Steeling the Gaze/Idle No More

Steeling the Gaze, recently at the Mendel Art Gallery in Saskatoon, was a powerful show.  Some of the pieces were incredibly beautiful; some got in my face. Often the same works did both.

As someone with a background in Art History, I can identify the conventions of European portraiture in the props and poses European-Canadian artists deployed in their photographs and paintings of natives.  So many of the “documentary” portraits of first peoples from the nineteenth century and later were augmented by studio props in order to cue ‘native’ or ‘noble savage’ to the European eye.

Many of the images in this exhibition acknowledge that history, play with it, and then go on to speak their own truth.  The stereotypes and symbols are used in multiple ways, with sometimes playful and sometimes painful results.

There were photos juxtaposing old and new depictions of aboriginal people.  There were large portrait photos by Arthur Renwick focusing on the face.  Men and women distorted their faces by pushing on the forehead, pulling on the chin, or turning eyes upward.  There were portrait photos by KC Adams in which each of the artist subjects was wearing a white shirt with a provocative phrase printed in white (“Indian Princess” and “Noble Savage” and “Ask me about my sweetgrass”).

This art asks questions of me, questions I am not always comfortable with: that’s funny …  or, is it funny?  If it’s not funny, why am I smiling?  Should I be crying?  Or outraged?

I recognize the “European-ness” of my Canadian Art History training of twenty years ago.  Who decides what is art history and what is anthropology?  Why were first peoples shown only as subjects/objects, never as creators?

It was a wonderful serendipity that this show opened on the heels of Idle No More, in which a new generation of native leaders came to the attention of mainstream Canadian news and society via social networking.

Thousands of people participated in the Idle No More protests.  Many more talked about it at work and around the dinner table.  Not everyone thought it was successful.  Some wanted to see a program laid out in detail (“But what do they want?” was a common question).

I think this question misses the point.  A positive expression of resistance is a message in itself.

The multiple cultural literacies involved in reclaiming pejorative comments and stereotypes (idle, as in Idle No More, and the mustang in Dana Claxton’s photography) speaks of the confidence and strength of the artists and activists, and the skill that they have acquired to work with words and images.

Canadians talk about being multicultural, and there are many cultures, many identities present in our cities.  But often we exist side-by-side with very little interaction.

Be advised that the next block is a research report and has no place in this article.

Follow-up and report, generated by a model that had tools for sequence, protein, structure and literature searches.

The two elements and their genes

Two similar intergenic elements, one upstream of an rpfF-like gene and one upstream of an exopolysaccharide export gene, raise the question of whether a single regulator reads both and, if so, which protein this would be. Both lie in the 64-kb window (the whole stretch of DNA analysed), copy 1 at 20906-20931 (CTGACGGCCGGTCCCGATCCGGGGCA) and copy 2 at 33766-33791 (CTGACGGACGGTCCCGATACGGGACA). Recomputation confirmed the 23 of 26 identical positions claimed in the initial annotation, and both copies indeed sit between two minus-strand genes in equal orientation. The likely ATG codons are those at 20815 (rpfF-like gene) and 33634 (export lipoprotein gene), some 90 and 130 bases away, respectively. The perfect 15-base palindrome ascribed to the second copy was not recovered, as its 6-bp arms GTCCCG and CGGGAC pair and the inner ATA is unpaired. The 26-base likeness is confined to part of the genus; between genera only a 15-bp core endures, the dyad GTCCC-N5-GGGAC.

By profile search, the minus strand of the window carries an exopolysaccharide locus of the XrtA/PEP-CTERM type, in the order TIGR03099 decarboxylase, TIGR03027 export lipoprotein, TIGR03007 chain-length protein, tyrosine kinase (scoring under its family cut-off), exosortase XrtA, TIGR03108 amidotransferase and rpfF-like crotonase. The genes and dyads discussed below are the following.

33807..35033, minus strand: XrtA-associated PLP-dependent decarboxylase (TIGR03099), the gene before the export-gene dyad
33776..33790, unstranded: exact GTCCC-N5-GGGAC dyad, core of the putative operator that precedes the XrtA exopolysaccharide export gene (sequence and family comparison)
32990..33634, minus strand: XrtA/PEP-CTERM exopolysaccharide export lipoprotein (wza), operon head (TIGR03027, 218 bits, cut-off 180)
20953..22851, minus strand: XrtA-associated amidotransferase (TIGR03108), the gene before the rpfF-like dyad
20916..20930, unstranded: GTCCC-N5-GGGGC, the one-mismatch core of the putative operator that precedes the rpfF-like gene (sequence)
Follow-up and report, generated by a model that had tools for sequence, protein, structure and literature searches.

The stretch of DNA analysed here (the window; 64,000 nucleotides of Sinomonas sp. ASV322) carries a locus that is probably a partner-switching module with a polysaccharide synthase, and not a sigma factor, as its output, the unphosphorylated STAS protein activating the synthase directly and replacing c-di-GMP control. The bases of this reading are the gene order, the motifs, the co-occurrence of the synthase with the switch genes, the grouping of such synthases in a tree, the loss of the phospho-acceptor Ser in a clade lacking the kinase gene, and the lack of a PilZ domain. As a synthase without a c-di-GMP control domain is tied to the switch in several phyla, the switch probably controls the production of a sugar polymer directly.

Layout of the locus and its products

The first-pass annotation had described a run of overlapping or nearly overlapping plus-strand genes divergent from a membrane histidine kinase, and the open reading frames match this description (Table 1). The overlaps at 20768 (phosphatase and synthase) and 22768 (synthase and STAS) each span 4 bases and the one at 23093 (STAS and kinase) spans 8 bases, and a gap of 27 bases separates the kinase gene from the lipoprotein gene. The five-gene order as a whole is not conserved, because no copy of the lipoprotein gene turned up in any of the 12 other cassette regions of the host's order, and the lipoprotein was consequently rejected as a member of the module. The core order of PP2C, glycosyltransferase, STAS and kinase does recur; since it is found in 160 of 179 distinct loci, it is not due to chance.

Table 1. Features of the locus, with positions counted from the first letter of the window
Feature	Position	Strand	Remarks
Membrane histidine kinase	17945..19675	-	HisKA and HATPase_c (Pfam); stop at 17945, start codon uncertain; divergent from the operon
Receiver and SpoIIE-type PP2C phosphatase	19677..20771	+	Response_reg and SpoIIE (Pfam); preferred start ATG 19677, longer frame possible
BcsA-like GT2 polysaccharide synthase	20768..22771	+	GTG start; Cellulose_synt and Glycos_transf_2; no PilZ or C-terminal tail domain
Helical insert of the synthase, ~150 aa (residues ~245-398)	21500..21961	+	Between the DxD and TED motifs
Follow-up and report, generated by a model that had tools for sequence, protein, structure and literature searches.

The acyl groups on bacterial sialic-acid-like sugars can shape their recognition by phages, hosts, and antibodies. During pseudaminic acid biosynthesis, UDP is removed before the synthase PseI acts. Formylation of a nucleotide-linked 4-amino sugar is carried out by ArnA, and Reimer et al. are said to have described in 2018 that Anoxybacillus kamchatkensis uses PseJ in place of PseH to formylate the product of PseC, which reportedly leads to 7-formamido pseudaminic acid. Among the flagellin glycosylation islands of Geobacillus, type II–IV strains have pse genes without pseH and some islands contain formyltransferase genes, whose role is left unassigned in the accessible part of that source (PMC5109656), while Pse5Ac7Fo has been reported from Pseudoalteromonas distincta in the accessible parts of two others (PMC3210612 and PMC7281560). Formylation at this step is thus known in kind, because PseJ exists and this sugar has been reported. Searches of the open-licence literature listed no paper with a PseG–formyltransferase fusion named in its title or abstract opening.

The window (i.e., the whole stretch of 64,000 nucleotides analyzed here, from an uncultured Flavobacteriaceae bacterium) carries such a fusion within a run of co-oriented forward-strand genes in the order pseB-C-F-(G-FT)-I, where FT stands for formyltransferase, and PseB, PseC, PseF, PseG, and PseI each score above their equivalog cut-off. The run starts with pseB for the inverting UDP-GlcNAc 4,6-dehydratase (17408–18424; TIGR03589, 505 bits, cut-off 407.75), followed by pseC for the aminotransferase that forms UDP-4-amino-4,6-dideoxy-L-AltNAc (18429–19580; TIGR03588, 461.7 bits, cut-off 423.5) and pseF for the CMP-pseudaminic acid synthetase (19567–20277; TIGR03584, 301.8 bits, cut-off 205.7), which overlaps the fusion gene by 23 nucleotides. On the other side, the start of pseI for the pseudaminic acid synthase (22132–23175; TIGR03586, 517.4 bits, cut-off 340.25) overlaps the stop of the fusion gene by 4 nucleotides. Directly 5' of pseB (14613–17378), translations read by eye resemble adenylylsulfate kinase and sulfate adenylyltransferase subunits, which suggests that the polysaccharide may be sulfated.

What we need now are people with the skills to build bridges between cultures.

What we need is intercultural competence.

In one of her videos in Steeling the Gaze, Cree artist Thirza Cuthand wonders what it is like to be a white person dealing with the heritage of oppression.

“Oh,” I thought to myself. “She means me.”

It is a truism, it seems, that the people who have been oppressed are the ones who end up having to learn to translate, so that mainstream culture can hear and make sense of who they are and what has happened.

Years ago, Peggy McIntosh wrote an article in which she described privilege as an invisble backpack.  The challenge of privilege is that one doesn’t have to think of these things unless something happens that causes one to feel the weight of the backpack.

The answer, Thirza, is that I don’t think about your question often enough.

But I do hear the call.  I hear it in the work of these artists and activists, who have developed the skills and creativity to intervene in mainstream culture and demand a re-telling of our larger story so that it includes all peoples.  If they can do all this, surely I can find a way to face and reconcile the aspects of European-Canadian heritage that are bound up in systems of oppression.

Idle No More and Steeling the Gaze give me hope.  They tell me that a new Canada is possible.  But it won’t come about unless more of us take up this work of transforming our heritage, creating a culture where all can participate.

Not all of us have the skill and creativity of the artists in this exhibition, but we can begin to think about how we tell our stories, and how we use our images.  We can learn to get comfortable with the uncomfortable in between places.  We can learn about our own multiple cultural backgrounds and identities. And we can develop the skills to move between cultures.

If Idle No More and Steeling the Gaze tell me anything, it is that the results will be well worth the effort.

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